Ripon education taught Ellen Barth ’80 ‘how to find the answers’

Ellen Barth '80 banding geese

The broad aspects of a liberal arts education are put to good use by Ellen Barth ’80 of Omro, Wisconsin. Barth is the Oshkosh area wildlife supervisor for the Wisconsin Department of Natural Resources, supervising wildlife biologists and technicians in Marquette, Green Lake, Fond du Lac, Waupaca, Waushara and Winnebago counties.

She spends time in the field with staff, participates in the hiring of new staff, deals with the public on a variety of issues and provides input to other programs within the department regarding projects that impact local and migratory wildlife species. “I spend too much time in front of a computer, but I still get outside to do great work for the wildlife in my six counties,” she says.

Ripon College was a good choice for Barth because it was close to her hometown of Pardeeville, Wisconsin, and offered a good financial package, she says. “I received scholarships and had jobs on campus all four years.” She majored in biology at Ripon College and later received a master’s degree in wildlife management from the University of Wisconsin-Stevens Point.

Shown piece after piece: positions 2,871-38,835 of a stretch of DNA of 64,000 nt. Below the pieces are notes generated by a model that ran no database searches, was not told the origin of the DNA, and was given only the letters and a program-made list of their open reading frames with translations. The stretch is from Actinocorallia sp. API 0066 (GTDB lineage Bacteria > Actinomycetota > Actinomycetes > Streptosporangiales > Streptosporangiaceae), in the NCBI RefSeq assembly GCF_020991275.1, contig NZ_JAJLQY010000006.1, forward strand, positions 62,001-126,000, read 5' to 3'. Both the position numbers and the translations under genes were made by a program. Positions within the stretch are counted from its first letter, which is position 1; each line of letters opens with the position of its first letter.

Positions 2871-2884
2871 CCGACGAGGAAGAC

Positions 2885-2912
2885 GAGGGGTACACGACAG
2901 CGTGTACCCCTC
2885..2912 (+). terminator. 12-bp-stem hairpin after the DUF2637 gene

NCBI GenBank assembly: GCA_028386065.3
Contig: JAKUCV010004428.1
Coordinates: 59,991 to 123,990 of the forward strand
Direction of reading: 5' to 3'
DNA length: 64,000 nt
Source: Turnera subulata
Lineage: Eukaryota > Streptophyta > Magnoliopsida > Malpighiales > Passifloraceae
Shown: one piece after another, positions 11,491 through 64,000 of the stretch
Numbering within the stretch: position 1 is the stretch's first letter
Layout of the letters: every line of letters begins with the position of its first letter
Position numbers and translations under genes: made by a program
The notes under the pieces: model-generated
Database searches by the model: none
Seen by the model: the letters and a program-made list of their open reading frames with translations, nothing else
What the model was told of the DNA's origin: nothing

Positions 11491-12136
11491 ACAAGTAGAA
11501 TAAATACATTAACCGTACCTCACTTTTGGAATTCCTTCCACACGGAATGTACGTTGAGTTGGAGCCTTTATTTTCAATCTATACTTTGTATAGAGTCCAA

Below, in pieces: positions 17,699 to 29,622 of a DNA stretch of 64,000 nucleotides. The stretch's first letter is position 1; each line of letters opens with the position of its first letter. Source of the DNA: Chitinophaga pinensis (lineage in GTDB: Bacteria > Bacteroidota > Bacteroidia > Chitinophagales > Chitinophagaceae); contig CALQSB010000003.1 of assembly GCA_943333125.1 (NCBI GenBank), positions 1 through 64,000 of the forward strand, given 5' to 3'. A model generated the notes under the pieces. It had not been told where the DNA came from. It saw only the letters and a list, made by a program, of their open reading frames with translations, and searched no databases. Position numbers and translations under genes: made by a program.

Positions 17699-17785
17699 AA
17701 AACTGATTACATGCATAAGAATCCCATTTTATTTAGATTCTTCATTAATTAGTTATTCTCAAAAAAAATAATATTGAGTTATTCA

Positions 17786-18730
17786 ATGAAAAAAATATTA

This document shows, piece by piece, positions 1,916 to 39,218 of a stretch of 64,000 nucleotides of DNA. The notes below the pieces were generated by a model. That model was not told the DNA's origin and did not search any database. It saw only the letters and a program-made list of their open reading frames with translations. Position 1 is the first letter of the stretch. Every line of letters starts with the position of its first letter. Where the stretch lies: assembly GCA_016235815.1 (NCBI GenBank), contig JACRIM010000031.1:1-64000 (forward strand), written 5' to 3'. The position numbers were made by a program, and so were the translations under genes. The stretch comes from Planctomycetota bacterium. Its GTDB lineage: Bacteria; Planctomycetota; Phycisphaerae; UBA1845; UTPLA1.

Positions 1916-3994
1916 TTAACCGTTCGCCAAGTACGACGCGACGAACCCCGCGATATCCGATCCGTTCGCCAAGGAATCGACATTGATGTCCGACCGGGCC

Her studies at Ripon College have served her well, she says. “I learned technical writing skills, research methods, communication skills, and also was exposed to the fine arts of a liberal arts education,” Barth says. “Wildlife management can best be described as the art and science of wildlife management. People management is critical to managing the wildlife populations that are in our state.”

She appreciates the two summers she spent at the Wilderness Field Station in Minnesota, now run by Coe College, but also the important lessons she learned at Ripon.

“While at school, it was the professors who taught me to look up to see and hear the birds, look down to study the plants, and to look in the microscope to see what was so very small but so very important to our lives,” she says. “They taught me how to tear apart a symphony and tear apart a chemical equation. They taught me how to find the answers by asking the right questions, and they taught me that there is so much to be thankful for. The friendships I developed at Ripon are still with me today.”

(Photo: Ellen Barth ’80 participates in a goose banding in Oshkosh, Wisconsin, in the summer of 2018.)